Sorghum Variety Trials Test Results!
To view sorghum variety trial test results from Texas A&M AgriLife Research & Extension, click here.
2018 | Sorghum as a Secondary Crop
If you planted cotton or wheat on the South Plains this year, the prolonged drought has likely threatened the viability of your crop. If you think you might plant grain sorghum as a secondary crop, there are a few considerations you should keep in mind:
- June 30 is the final planting date to insure grain sorghum through most plans on the Plains
- If your insurance adjuster determines your first crop is failed, the late planting period for most replanted crop insurance plans on the Plains ends 10 days later on July 10
- If your insurance provider determines it is not practical to replant the cotton or wheat, the insured can:1) Receive 100 percent indemnity on the first insured crop, then plant and elect not to insure grain sorghum on the acreage (wildcat sorghum); or2) Receive 35 percent of the indemnity on the first insured crop (and pay 35 percent of the first crop premium), then plant and insure grain sorghum on the acreage. If the grain sorghum does not suffer a loss or if the loss is less than what would be due from the first insured crop, the insured can receive the remaining 65 percent indemnity on the first crop (and pay the remaining 65 percent of the first crop premium).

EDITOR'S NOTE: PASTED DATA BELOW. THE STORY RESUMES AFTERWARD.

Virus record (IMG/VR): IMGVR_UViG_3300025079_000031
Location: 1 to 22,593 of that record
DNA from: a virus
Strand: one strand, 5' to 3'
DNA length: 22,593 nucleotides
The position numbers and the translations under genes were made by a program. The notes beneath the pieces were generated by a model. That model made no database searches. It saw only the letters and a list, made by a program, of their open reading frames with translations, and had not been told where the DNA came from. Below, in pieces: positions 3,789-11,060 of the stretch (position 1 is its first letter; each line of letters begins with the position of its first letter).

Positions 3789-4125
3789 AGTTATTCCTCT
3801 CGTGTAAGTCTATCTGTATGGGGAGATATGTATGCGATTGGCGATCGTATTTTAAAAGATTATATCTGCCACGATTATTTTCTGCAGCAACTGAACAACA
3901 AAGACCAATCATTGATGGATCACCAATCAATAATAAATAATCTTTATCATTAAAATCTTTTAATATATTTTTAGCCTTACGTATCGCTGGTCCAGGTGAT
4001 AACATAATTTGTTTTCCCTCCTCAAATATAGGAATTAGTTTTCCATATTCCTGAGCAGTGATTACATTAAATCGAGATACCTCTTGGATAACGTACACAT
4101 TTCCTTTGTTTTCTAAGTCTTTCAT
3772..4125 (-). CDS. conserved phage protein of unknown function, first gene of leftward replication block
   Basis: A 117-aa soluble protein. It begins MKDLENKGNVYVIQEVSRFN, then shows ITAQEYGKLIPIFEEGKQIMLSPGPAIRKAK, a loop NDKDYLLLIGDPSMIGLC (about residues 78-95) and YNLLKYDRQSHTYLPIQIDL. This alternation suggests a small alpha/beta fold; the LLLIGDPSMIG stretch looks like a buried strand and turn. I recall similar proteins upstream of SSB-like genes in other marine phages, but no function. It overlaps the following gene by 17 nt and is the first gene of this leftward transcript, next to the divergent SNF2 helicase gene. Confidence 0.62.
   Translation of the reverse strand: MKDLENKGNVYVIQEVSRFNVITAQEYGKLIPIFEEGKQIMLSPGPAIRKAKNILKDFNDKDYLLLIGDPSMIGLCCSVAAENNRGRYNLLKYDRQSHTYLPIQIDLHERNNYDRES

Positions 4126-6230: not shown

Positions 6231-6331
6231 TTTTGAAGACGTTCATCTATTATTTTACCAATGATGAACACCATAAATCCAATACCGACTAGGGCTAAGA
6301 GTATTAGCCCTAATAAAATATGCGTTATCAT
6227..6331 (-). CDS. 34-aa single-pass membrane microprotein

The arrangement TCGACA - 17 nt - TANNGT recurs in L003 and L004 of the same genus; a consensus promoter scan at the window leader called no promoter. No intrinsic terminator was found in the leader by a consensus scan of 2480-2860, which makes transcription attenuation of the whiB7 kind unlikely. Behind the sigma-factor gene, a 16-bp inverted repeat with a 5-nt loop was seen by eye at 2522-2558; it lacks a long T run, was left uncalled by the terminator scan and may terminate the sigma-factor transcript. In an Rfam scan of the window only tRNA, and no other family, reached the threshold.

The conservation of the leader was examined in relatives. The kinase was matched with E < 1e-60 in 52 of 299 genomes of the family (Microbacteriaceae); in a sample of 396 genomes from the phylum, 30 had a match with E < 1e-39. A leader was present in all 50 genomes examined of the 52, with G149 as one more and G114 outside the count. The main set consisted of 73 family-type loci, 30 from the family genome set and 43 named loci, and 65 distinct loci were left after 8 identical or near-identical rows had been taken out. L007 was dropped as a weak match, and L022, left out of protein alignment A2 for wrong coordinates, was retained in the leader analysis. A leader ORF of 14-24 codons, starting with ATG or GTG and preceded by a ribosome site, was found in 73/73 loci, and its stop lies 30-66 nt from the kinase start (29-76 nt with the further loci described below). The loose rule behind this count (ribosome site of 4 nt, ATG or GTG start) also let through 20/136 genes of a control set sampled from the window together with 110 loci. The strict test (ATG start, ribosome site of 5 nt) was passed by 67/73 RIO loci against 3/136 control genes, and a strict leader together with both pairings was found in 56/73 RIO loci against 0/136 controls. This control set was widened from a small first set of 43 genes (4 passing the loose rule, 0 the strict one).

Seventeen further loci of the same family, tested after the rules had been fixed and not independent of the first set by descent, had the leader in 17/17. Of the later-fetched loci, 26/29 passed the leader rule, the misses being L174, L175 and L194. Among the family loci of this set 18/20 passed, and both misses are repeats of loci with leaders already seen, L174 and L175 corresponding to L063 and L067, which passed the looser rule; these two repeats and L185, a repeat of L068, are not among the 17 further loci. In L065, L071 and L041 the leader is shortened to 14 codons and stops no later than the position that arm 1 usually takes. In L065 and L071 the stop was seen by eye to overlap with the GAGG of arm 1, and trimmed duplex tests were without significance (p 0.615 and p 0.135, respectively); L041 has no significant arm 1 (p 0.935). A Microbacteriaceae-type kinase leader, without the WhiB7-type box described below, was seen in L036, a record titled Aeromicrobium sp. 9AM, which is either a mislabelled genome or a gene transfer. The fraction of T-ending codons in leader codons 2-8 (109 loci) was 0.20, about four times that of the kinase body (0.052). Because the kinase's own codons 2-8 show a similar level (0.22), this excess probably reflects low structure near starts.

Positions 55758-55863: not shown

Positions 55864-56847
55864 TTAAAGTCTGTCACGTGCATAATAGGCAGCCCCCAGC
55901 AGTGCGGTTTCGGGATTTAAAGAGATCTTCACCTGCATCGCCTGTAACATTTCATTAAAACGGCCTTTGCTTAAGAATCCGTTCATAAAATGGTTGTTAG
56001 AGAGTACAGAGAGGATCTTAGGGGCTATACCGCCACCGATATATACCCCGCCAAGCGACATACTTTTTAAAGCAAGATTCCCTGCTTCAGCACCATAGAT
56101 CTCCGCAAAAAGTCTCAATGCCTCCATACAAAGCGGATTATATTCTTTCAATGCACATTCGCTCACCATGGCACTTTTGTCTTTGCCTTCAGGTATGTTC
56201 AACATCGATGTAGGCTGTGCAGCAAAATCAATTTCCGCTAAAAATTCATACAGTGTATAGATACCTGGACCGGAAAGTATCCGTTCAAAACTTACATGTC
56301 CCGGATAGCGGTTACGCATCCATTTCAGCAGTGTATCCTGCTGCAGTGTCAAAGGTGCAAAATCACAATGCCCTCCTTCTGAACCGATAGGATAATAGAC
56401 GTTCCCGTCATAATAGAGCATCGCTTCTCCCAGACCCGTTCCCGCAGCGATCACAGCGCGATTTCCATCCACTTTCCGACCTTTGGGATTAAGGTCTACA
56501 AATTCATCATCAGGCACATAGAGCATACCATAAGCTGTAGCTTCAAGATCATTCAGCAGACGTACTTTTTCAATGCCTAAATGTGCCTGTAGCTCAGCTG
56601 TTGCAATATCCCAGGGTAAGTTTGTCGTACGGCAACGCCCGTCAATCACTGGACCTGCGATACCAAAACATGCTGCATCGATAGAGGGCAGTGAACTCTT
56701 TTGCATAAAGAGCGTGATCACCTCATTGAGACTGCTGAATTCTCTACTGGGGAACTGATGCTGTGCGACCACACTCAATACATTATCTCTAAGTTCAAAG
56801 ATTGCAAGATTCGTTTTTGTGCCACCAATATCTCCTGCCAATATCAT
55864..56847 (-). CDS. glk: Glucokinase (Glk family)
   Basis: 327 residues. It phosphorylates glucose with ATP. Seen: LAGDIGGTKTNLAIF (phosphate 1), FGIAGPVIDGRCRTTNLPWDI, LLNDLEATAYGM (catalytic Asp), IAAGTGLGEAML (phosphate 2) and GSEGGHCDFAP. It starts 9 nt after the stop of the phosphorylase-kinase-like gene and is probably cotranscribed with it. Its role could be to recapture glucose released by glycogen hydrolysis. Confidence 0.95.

- Around July 15 is the last recommended date anyone in the Plains can plant grain sorghum and hope to raise a viable crop. This recommended date is earlier in some regions of the South PlainsIf you do elect to plant grain sorghum as a secondary crop, United Sorghum Checkoff Program Director of Agronomy Brent Bean has some recommendations:
- Be aware of the potential for sugarcane aphids
- Select a tolerant, early-maturing hybrid
- Add a seed treatment
- Check herbicide use in the cotton acreage
- Plant from 20 percent to 25 percent more seed with very early hybrids
More technical resources provided by Dr. Bean can be found at the Sorghum Checkoff’s page dedicated to planting grain sorghum as a rescue crop.
As always, please consult with your crop insurance provider before making any final planting or coverage decisions.